RYDE HERITAGE AUDIO TRAIL LAUNCH
Ryde Social Heritage Group (RSHG) and Living Links recently launched the innovative “Ryde Heritage Audio Trail”.
The trail is a guided walking tour of Ryde, it has taken 2 years to complete and is one of the creative outputs of the Living Links project.
Living Links is a three year Heritage Lottery funded project, supported by the IW Record Office and Hampshire Archives Trust to help local groups access archives and to tell the stories of their places. The project has also provided training and advice to groups across Hampshire and the Isle of Wight. Sarah Speller from Living Links worked closely with RSHG throughout the creation of the Ryde Heritage Audio Trail.
RSHG started researching and documenting the history of Ryde in 2002 and we have built a good reputation for the quality of our exhibitions and displays and reliability in completing projects.
An Open Day was held at St Thomas Heritage Centre, Ryde on Saturday 15 May with an exhibition about the Audio Trail.
The Ryde Heritage Audio Trail takes the listener on a walk around Ryde starting at Lind Street, going down Union Street to the Pier, along the Esplanade to the Canoe Lake, then back along the Esplanade and up St Thomas Street ending at St Thomas Church. To walk the trail takes about 2 hours and there are 17 stops along the way where people can listen to the audio files and learn some interesting facts about Ryde’s past. It is also possible for people to devise their own shorter route and select the appropriate stops. The trail is accessible to wheelchair and mobility scooter users, as there are dropped kerbs at all the road crossing points.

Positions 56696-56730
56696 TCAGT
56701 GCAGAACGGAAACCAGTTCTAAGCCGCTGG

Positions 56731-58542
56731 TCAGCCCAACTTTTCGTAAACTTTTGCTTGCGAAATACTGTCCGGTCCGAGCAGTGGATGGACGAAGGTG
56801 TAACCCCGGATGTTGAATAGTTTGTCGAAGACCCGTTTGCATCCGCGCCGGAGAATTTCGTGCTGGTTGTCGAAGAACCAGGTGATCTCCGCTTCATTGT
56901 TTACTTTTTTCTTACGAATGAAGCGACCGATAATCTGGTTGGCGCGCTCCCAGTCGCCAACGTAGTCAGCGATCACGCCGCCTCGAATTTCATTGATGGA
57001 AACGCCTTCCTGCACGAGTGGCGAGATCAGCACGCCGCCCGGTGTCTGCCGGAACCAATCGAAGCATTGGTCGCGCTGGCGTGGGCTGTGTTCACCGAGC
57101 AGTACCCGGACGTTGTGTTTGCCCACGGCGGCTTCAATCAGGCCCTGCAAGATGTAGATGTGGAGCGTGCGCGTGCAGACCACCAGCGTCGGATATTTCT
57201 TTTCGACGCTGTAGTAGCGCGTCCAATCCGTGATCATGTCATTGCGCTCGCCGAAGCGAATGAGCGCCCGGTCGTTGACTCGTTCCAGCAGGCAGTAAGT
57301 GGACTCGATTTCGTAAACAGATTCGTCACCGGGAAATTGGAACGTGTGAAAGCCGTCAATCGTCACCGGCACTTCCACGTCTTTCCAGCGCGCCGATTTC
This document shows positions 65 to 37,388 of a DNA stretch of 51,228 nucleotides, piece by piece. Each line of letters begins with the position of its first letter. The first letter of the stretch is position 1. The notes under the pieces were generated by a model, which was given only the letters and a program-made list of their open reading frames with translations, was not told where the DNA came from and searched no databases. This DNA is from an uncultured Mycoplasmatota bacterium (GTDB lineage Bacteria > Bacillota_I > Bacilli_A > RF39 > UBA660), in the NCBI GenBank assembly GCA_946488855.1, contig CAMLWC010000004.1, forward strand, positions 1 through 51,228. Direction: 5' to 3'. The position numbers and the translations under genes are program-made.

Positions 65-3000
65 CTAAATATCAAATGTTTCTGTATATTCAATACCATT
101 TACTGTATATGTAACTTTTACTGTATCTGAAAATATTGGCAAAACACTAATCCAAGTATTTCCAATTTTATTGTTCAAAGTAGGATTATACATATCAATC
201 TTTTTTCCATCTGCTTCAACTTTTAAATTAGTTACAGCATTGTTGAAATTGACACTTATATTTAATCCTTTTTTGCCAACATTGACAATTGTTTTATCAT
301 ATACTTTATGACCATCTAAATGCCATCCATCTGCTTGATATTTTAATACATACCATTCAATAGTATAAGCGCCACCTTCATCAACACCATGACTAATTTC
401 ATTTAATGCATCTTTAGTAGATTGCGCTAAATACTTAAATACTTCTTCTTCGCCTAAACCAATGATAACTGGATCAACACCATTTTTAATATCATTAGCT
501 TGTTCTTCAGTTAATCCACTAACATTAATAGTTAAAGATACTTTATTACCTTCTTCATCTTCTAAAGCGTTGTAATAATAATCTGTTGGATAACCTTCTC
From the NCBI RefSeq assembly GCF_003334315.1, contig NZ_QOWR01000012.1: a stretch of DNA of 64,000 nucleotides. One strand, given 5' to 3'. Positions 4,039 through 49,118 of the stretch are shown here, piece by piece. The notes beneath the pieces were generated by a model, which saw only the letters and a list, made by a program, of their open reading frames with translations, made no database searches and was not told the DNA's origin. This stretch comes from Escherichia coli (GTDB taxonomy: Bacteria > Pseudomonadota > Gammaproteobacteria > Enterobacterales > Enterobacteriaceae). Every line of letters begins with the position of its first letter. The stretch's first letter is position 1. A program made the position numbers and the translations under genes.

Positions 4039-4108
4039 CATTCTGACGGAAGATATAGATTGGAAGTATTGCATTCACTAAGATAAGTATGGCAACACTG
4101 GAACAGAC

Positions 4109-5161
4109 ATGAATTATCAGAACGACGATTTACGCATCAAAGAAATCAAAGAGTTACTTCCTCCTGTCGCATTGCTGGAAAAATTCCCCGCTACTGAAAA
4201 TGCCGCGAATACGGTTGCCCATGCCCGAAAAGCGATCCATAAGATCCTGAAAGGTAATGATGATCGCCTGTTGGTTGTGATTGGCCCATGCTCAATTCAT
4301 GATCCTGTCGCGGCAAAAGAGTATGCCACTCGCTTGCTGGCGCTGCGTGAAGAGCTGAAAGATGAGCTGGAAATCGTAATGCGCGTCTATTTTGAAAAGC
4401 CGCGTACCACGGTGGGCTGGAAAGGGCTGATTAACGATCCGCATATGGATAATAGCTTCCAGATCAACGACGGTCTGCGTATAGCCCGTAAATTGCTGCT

Historical information about the town has been selected by researching archives; the trail contains many fascinating, funny and informative stories about Ryde.
In addition to the Open Day, there was a private viewing of the exhibition for invited guests on the evening of Friday 14 May; during the course of the weekend well over 200 people visited the exhibition which, as well as display boards and research folders, included a manikin dressed as a Coastguard, a specially created model showing how the Ryde tramway used to run through the ground floor of Holywell House, and a restored ‘penny-farthing’ bicycle (kindly loaned by Charlie Henderson). Mr Henderson and the Town Cryer gave the event extra publicity when they wheeled the bicycle through the town on the Friday afternoon.
Janette Gregson, chairman of RSHG, said, “Our aim was to use modern technology to engage people with the past. By using MP3 files downloaded for free from our website there is no need to hire and return expensive listening equipment; people can walk the trail in their own time. We have discovered some fascinating facts about the town and are sure people will enjoy walking the trail and listening to the audio files.”